Despite the fact that the exact etiology of chronic fatigue syndrome is unclear, there are several ideas that range from viral infections to psychological stress. Chronic fatigue syndrome, according to some experts, may be caused by a variety of elements that come together.

In order to confirm a diagnosis of chronic fatigue syndrome, there is no one test that can be performed. You may need a number of medical tests to rule out other health disorders that exhibit symptoms that are similar to yours. The goal of treatment for chronic fatigue syndrome is to alleviate its symptoms.

Insomnia

Insomnia is common, causing difficulty falling and staying asleep, as well as waking up too early and being unable to go back asleep. You may still feel tired when you wake up. Insomnia may cause loss of energy, mood, health, work performance, and general quality of life.

The length of sleep necessary varies, but most people need seven to eight hours each night.

Many people have acute (short-term) sleeplessness for days or even weeks at a time. Stress or a traumatic event in one’s life usually causes it. Some people, however, have persistent insomnia that lasts a month or longer. Insomnia may be caused by a variety of medical conditions or medicines.

Circadian rhythm disorders

sleep disorder

Circadian rhythm sleep disorders are a category of sleep disorders that are all characterized by a change in the time when people sleep. In Latin, the term “circadian” refers to “around or approximately” (circa) “a day” (diem). The term “circadian rhythm” refers to the 24-hour “internal clock” that exists inside your body. The sleep-wake cycle of your body is controlled by your internal clock.

Lighting serves as a visual signal to “set your internal clock” during the course of a 24-hour day – particularly, the brightness/type of light, length of time spent in the presence of light, and when one is exposed to light. In your brain, light is transported via your eyes and into a specialized “control center” that is responsible for processing information. Other factors, such as melatonin (a hormone secreted in your brain that plays a role in sleep), physical exercise, and social behaviors, might have an impact on your body’s internal clock as well. It is also possible that your age has an impact on how sensitive you are to the sleep-wake cycle.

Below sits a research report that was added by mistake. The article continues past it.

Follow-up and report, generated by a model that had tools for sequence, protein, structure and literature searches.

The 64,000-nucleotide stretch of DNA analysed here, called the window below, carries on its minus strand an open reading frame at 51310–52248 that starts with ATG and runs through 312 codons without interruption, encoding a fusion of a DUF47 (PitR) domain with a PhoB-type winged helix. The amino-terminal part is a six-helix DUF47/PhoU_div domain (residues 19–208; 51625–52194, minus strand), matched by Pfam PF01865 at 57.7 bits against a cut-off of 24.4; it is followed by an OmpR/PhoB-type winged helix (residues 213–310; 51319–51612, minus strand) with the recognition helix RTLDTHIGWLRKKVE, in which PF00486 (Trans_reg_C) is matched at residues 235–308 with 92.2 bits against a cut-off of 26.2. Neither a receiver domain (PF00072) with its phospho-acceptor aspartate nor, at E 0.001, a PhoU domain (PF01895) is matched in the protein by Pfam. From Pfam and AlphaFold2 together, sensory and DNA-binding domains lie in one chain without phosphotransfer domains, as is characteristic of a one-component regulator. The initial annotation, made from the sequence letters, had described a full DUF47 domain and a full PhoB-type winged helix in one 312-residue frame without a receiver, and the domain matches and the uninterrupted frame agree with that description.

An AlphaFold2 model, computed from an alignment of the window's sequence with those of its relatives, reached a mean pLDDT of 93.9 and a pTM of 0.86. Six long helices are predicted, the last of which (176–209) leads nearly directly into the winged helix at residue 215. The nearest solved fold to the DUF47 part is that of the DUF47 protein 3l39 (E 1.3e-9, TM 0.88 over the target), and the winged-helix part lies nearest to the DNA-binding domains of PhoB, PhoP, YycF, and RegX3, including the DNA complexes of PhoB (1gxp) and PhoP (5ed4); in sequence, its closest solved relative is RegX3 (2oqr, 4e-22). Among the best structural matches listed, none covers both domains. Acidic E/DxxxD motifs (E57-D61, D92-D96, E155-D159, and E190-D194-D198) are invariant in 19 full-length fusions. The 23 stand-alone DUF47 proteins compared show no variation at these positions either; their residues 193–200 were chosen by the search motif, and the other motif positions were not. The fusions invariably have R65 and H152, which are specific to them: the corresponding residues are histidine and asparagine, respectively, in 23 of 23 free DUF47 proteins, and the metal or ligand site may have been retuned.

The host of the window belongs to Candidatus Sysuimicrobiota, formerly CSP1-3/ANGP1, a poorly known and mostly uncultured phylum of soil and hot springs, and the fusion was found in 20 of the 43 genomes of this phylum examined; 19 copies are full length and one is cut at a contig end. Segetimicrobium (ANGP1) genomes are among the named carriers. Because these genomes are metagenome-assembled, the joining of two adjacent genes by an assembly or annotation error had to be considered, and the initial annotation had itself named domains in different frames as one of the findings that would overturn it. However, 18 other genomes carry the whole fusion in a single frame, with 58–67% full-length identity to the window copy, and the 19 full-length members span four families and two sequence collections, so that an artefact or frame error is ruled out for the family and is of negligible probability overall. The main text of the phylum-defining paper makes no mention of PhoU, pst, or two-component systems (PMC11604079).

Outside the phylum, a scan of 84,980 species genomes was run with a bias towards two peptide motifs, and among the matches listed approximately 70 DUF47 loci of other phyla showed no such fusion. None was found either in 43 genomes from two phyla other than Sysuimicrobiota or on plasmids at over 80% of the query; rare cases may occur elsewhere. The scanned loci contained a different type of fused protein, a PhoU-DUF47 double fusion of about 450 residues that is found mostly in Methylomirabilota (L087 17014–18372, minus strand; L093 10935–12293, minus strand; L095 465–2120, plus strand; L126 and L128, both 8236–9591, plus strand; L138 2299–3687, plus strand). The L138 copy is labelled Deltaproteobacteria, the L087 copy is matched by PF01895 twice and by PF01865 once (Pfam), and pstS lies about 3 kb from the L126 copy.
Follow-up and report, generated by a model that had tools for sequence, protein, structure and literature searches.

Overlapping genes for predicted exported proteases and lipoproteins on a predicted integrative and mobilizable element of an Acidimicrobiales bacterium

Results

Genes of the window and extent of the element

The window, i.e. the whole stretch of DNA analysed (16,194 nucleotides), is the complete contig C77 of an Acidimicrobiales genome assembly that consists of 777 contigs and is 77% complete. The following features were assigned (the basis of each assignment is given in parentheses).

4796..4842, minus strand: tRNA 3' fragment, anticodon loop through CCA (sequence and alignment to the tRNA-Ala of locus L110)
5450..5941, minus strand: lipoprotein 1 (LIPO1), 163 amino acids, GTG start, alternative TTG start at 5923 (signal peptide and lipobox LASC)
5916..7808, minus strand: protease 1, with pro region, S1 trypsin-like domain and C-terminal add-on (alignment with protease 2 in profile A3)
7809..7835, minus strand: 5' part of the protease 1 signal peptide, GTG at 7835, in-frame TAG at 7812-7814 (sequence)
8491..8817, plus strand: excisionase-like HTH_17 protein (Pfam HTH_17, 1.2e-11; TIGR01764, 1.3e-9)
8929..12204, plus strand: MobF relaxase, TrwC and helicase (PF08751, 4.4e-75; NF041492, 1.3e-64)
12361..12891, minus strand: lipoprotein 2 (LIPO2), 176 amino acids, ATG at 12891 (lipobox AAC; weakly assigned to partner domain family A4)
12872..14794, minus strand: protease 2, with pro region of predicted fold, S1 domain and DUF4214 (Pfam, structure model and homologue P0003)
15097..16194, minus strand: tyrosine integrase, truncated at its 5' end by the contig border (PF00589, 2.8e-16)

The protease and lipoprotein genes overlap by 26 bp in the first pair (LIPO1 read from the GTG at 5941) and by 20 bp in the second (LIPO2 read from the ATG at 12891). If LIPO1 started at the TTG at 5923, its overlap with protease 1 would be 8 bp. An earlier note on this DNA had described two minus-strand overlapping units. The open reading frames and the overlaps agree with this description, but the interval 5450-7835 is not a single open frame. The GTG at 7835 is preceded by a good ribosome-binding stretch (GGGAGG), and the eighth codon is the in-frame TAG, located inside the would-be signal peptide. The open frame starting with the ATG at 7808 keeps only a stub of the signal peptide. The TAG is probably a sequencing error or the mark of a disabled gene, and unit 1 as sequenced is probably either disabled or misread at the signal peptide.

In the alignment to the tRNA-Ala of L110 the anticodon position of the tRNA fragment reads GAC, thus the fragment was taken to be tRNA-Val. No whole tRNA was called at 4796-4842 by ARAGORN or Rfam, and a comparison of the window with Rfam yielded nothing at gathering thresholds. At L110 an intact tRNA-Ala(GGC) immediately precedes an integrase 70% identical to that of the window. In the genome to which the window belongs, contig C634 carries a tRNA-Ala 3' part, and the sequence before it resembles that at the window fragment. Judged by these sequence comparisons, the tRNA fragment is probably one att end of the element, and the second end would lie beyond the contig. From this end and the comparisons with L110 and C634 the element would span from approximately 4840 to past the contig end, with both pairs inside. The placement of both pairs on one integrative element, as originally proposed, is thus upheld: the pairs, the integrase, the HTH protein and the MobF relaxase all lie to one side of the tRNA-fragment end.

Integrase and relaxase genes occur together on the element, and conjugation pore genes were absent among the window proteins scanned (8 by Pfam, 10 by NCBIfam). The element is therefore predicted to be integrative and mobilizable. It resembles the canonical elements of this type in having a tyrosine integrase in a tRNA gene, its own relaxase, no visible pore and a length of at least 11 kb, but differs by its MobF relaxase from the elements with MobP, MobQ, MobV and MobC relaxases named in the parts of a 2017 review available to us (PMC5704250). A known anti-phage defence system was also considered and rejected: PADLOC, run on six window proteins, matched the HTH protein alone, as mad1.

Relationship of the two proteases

Circadian rhythm sleep disorders are characterized by one or more of the following problems:

  • You have a tough time getting to sleep at night.
  • You have difficulty sleeping and often wake up numerous times throughout the course of a sleep cycle.
  • You have woken up too early and are unable to get back asleep.

Fibromyalgia

Fybromyalgia (fibro-my-al-gi-a) is a chronic disorder that produces widespread pain throughout the body (also known as widespread pain syndrome), as well as exhaustion, and emotional and mental discomfort. People who suffer from fibromyalgia may be more sensitive to pain than those who do not suffer from the condition. Pain perception processing that is aberrant is referred to as abnormal pain perception processing. Fibromyalgia affects around 4 million individuals in the United States, accounting for approximately 2 percent of the adult population. Although the exact etiology of fibromyalgia is unknown, it is possible to cure and manage the condition efficiently.

FAQ

What is Rem's sleep behavior disorder?

Rem Sleep Behavior Disorder (RSBD) is a rare disorder that causes people to act out their dreams while sleeping. RSBD can cause an individual to act out violent dreams or frightening dreams with physical consequences such as choking, gasping for air, and even heart failure.

What are the 3 most common sleep disorders?